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Summary:

Qualcomm said today it has purchased AMD’s handheld graphics unit (acquired during AMD’s $5.4 billion acquisition of graphics chipmaker ATI Technologies) for $65 million. The deal shows that AMD is betting big on full-performance machines, from servers to laptops — rejecting its rival Intel’s  move into […]

amd_logo_us-en1Qualcomm said today it has purchased AMD’s handheld graphics unit (acquired during AMD’s $5.4 billion acquisition of graphics chipmaker ATI Technologies) for $65 million. The deal shows that AMD is betting big on full-performance machines, from servers to laptops — rejecting its rival Intel’s  move into the netbook and smartphone world. It also bolsters the claim that AMD paid far too much for ATI back in 2006. So far AMD has written off $3.2 billion from the acquisition, and sold some ATI units — such as this one, and the DTV assets — for a song.

AMD has already passed on making the brains for mobile Internet devices — saying instead it will focus on full-performance, ultra-thin notebooks. Now it’s abandoning the graphics portion of the mobile market to Qualcomm. Should these mobile Internet devices take off, companies such as Nvidia, which offers an integrated CPU and GPU system on a chip that is power efficient, will have a huge advantage over the many chipmakers crowding this market. This is why Qualcomm likely bought these assets, and why Apple is building its own integrated SoC for the iPhone.

AMD doesn’t have the financial strength to play in so many markets, so it has clearly decided to rest the fate of the company on larger, higher performance machines, rather than battery-sipping portable PCs. This may be a smart move, as AMD has tried and failed to enter the mobile market before. Plus, with its high-end processors powering the servers that run computing clouds, a mobile computing world in which a user’s information is stored in the cloud will still generate sales for AMD. But like all big bets without a hedge, this one is risky for a company in an already precarious position.

  1. [...] unknown wrote an interesting post today onHere’s a quick excerptQualcomm (s qcom) said today it has purchased AMD’s handheld graphics unit (acquired during AMD’s $5.4 billion acquisition of graphics … [...]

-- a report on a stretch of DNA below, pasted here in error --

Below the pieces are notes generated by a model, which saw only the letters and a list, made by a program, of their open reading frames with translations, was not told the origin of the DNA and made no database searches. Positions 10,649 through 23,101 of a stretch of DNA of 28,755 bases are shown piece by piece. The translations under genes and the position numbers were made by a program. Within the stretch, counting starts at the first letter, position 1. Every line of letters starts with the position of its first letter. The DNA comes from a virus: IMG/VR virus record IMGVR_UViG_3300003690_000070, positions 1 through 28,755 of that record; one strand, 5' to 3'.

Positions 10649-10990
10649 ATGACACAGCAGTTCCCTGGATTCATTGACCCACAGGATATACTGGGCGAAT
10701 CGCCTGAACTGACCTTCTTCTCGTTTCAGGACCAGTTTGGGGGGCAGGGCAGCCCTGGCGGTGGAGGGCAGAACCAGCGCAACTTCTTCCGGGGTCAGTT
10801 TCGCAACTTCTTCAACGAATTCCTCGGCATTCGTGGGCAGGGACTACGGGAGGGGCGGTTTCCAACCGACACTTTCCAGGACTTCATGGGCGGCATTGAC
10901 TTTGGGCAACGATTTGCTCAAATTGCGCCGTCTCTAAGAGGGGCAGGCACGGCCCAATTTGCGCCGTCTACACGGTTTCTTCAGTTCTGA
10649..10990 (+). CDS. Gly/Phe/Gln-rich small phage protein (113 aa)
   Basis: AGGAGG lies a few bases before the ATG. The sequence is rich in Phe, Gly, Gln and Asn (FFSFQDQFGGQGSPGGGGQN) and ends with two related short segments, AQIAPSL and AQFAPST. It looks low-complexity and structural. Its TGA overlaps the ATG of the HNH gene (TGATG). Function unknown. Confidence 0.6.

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  2. [...] not interested in the netbook market where Intel’s Atom processor is king.  But as GigaOm points out, there is still money to be made by AMD in the portable device market as more and more devices rely [...]

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  3. [...] For AMD, ATI Buy Turns Into a Graphic(s) Bloodbath (Om) [...]

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  4. I’ll agree with AMD although I always buy Intel (friend works there). I just bought a slick new loaded laptop direct from HP (shopping.hp.com) for $608, free shipping. Why spend $300 for a netbook? The laptop will continue to become faster, more affordable and more capable. This will eliminate the need for the smorgasbord of limited value devices folks are trying to peddle.

    Now I have a fully uncompressed digital signal between my PC and TV:
    http://pctvcables.com/hdmi-pc-to-tv-cables.html

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  5. [...] there is always the doubt if cannibalization has anything to do with the loss. On the other side AMD says they will not address the market for netbook processors, instead putting all eggs on the hi…. WMulti-core CPUs away from desktops? addthis_url = [...]

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  6. Ignoring the growing mobile devices market to fight in familiar but failing territory is going to be a brief Pyrrhic victory for AMD.

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  7. [...] For AMD, ATI buy turns into a bloodbath – GigaOM [...]

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  8. [...] The perpetual underdog role is wearing thin. AMD is playing second fiddle to Intel on the x86 side, Nvidia on the graphics side and doesn’t even have a mobile strategy. Splitting off manufacturing isn’t the [...]

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